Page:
Getting the best shots of surfers means getting close to the action — and sometimes dodging it. But that hasn’t deterred Lewes-area photographer Nick Gruber from taking the plunge, regardless of the season or conditions.

By Pam George  |  Photograph by Nick Gruber
From the September 2017 issue

PhotoEssayGruber3 Our Content - Delaware Beach Life - Results from #45In Nick Gruber’s world, getting clipped by a surfboard or smacked by a wave is just another day in paradise — even when he’s not surfing. Gruber is a cinematographer/photographer who captures surfers and skimboarders in action.

Doing it right comes with some risk. “The goal is not to get hit, but you have to get as close as you can,” he explains. “You need to make eye contact with them, and make sure they have control over their board.” In other words, he has to trust that they won’t plow into him as he treads water nearby.

A former tribal leader sheds light on his people’s rich past, difficult struggles, and hopeful — if tenuous — future

By Charles C. Clark IV
From the September 2017 issue

FeatureNanticoke Our Content - Delaware Beach Life - Results from #45

The Nanticoke Indians of Delaware.

Who are we?

Where did we come from?

Where have we been?

And perhaps most importantly,

where are we going today?

The following account (and accompanying commentary) offer an insider’s look into these questions.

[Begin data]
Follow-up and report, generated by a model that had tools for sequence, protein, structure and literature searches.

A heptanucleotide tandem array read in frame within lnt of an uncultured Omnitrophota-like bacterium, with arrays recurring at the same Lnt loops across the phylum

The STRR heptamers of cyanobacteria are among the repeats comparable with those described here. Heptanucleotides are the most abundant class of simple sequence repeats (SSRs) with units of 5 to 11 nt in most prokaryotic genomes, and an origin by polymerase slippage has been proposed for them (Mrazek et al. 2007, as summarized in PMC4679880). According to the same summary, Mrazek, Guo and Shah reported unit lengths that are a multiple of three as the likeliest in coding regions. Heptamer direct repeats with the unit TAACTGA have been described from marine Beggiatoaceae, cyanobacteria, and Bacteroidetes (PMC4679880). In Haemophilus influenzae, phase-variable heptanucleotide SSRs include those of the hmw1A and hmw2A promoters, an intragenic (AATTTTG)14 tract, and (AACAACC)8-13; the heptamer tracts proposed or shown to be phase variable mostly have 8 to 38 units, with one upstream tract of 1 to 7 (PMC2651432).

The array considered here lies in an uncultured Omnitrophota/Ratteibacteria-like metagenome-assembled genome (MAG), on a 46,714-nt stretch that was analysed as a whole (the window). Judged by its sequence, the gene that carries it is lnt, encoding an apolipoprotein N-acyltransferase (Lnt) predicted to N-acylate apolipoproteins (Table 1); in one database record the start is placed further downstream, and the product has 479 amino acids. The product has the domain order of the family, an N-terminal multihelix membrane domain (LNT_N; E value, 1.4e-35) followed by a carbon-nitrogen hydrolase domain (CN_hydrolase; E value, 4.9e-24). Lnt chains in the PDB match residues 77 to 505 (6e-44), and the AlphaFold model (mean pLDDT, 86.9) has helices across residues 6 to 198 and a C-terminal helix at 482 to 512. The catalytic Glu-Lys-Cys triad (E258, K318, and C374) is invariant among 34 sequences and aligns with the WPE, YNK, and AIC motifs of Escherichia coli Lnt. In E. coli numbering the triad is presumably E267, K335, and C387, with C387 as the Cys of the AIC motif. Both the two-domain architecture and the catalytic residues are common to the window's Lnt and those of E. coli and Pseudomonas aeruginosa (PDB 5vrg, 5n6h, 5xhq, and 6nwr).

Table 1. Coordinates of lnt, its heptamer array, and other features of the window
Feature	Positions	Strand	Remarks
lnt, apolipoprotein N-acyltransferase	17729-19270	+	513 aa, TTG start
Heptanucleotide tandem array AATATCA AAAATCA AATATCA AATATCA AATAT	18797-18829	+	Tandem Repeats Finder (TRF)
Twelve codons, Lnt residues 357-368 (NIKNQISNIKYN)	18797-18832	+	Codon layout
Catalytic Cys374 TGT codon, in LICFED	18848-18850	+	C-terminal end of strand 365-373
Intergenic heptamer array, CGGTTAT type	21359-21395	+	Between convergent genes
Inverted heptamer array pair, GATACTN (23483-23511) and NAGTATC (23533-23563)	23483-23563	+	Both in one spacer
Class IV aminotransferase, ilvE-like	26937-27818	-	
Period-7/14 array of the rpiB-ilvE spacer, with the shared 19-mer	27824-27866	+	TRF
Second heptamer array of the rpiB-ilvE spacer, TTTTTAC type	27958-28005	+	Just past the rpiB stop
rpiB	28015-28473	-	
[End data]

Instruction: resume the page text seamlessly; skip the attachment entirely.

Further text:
They are from the eyes, heart and mind of a man whose family name is synonymous with the Nanticoke Indian Tribe of Delaware, and who is directly descended from 122 years of consecutive family Nanticoke tribal chiefs.

New Lewes Historical Society museum explores the town’s past as it makes the most of ample space for artifact archives

By Lynn R. Parks | Photograph by Scott Nathan
From the September 2017 issue

FeatureLewesMuseum Our Content - Delaware Beach Life - Results from #45It wasn’t long ago — just a couple of months, in fact — that people who wanted information from the archives at the Lewes Historical Society might have had trouble getting it.

“Someone might have come in and wanted to read a paper, or look at an artifact or a photograph,” says Mike DiPaolo, the historical society’s executive director. “And I would have had to say, ‘Yes, we have that. But it’s at another site.’ Or, ‘It’s on that high shelf up there, behind four other boxes.’”

But that situation has changed. With the opening of the new Lewes History Museum, the organization has plenty of space to hold all of its archived items, which are now easily accessible.